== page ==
Don't go viral: Long pants, long sleeves can help prevent dengue, says NEA

Staff Writer, Singapore
·Editorial Team
·3-min read
NEA dengue inspection officers checking drains for mosquito breeding. (PHOTO: National Environment Agency)
NEA dengue inspection officers checking drains for mosquito breeding. (PHOTO: National Environment Agency)

SINGAPORE — The National Environment Agency (NEA) is advising residents, especially those living in dengue cluster areas, to wear long sleeves and long pants as it tries to bring down the number of cases amid the traditional dengue season.

In a media release on Wednesday (5 August), NEA listed three protective actions in which residents can take:

  • Spray insecticide in dark corners around the house

  • Apply insect repellent regularly

  • Wear long sleeves and long pants

INFO: National Environment Agency
INFO: National Environment Agency

“Such protective measures are important to break the cycle of transmission, by preventing the Aedes mosquito from biting human hosts and spreading the dengue virus to others in the vicinity,” NEA said in the media release.

“As the traditional dengue peak season lasts a few months, from May to October, NEA urgently seeks the cooperation of all residents and stakeholders to do their part to complement NEA’s efforts.”

More than 22,000 reported dengue cases in 2020

As of Tuesday, there have been 22,403 reported dengue cases this year – already exceeding the previous entire-year record of 22,170 cases recorded in 2013.

For the past two months, the weekly dengue cases have exceed 1,000 cases, although the number has decline from a high of 1,792 in the third week of July to 1,380 in the week ending 1 August.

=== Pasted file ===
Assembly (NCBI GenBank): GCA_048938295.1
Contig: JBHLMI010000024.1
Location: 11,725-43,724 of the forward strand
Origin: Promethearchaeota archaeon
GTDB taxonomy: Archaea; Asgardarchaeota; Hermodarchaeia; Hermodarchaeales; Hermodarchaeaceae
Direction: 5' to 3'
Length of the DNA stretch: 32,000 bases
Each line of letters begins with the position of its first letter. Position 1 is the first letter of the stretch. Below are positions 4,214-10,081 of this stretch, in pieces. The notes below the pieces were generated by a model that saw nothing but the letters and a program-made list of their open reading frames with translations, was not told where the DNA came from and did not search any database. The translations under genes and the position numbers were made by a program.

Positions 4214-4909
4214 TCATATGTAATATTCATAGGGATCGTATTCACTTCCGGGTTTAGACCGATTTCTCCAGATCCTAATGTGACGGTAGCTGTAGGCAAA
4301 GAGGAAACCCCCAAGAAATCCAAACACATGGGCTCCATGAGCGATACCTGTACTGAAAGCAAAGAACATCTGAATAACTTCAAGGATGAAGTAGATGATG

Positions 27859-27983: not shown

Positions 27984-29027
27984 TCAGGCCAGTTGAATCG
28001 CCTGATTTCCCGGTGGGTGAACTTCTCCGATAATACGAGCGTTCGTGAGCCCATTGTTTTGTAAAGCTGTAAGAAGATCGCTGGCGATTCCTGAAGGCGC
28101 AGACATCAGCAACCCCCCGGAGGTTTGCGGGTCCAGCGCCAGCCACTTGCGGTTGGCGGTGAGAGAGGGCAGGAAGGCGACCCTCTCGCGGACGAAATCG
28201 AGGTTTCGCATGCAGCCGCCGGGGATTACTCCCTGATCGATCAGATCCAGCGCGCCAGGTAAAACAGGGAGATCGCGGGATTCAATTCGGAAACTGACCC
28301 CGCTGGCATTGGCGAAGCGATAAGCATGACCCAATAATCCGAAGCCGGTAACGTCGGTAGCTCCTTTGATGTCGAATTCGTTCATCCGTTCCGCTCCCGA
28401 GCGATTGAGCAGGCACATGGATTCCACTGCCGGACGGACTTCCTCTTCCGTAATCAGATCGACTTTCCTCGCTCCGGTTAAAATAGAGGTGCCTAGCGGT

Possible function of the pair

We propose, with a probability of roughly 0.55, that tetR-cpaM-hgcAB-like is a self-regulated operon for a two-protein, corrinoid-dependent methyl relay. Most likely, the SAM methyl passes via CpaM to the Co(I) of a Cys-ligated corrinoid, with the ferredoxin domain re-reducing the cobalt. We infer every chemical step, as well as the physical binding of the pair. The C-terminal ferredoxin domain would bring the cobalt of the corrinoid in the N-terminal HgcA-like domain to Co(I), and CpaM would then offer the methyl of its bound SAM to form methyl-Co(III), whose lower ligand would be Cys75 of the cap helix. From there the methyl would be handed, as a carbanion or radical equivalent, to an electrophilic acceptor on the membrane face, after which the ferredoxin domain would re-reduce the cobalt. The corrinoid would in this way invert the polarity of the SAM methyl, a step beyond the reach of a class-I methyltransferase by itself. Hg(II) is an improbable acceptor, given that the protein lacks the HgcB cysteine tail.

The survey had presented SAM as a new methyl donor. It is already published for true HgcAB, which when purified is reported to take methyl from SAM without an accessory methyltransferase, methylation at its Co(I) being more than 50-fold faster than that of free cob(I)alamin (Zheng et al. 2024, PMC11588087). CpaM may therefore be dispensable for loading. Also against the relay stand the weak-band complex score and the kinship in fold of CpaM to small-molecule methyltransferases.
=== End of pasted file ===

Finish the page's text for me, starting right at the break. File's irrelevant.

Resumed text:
There has also been a decline in number of dengue clusters, from 434 on 28 July to 391 as of Tuesday. Nonetheless, there are still more than 600,000 households located amid the dengue clusters islandwide.

NEA said it has closed about 79 per cent of the dengue clusters (1,466 of 1,857 clusters) since the start of the year. The largest dengue clusters are currently found in Geylang (312 cases), Bukit Panjang (292 cases) and Tanjong Katong (286 cases).

“The current conditions are challenging, with a combination of high viral load with the record number of weekly cases, high mosquito population with the dengue season in full swing, and also more targets with more people working from home,” said NEA chief executive officer Tan Meng Dui.

“Concerted individual and collective efforts are the most effective ways to break the dengue transmission chain, and bring the dengue situation under control.”

Inspections and outreach programmes

NEA has conducted more than 552,000 inspections islandwide between January and July. It is also working with partners such as the People’s Association, Ministry of Education, Early Childhood Development Agency, Ministry of Health/Agency for Integrated Care, Ministry of Manpower and National Parks Board to distribute educational materials and mosquito repellent to residents in dengue cluster areas.

All residents living in dengue cluster areas are strongly encouraged to cooperate with NEA officers, and facilitate their checks and indoor misting in their homes.

NEA encourages residents to use the resources available on its website and myENV app to receive updates on the dengue situation, and to take proactive action to protect themselves and their loved ones. It has a “Check and Protect” checklist, highlighting common mosquito breeding habitats, which is available for download.

Regular updates on the dengue situation can be found on the NEA website, Stop Dengue Now Facebook page, and myENV app. The public can also download the myENV app to get regular alerts on dengue clusters and areas with higher Aedes aegypti mosquito population.

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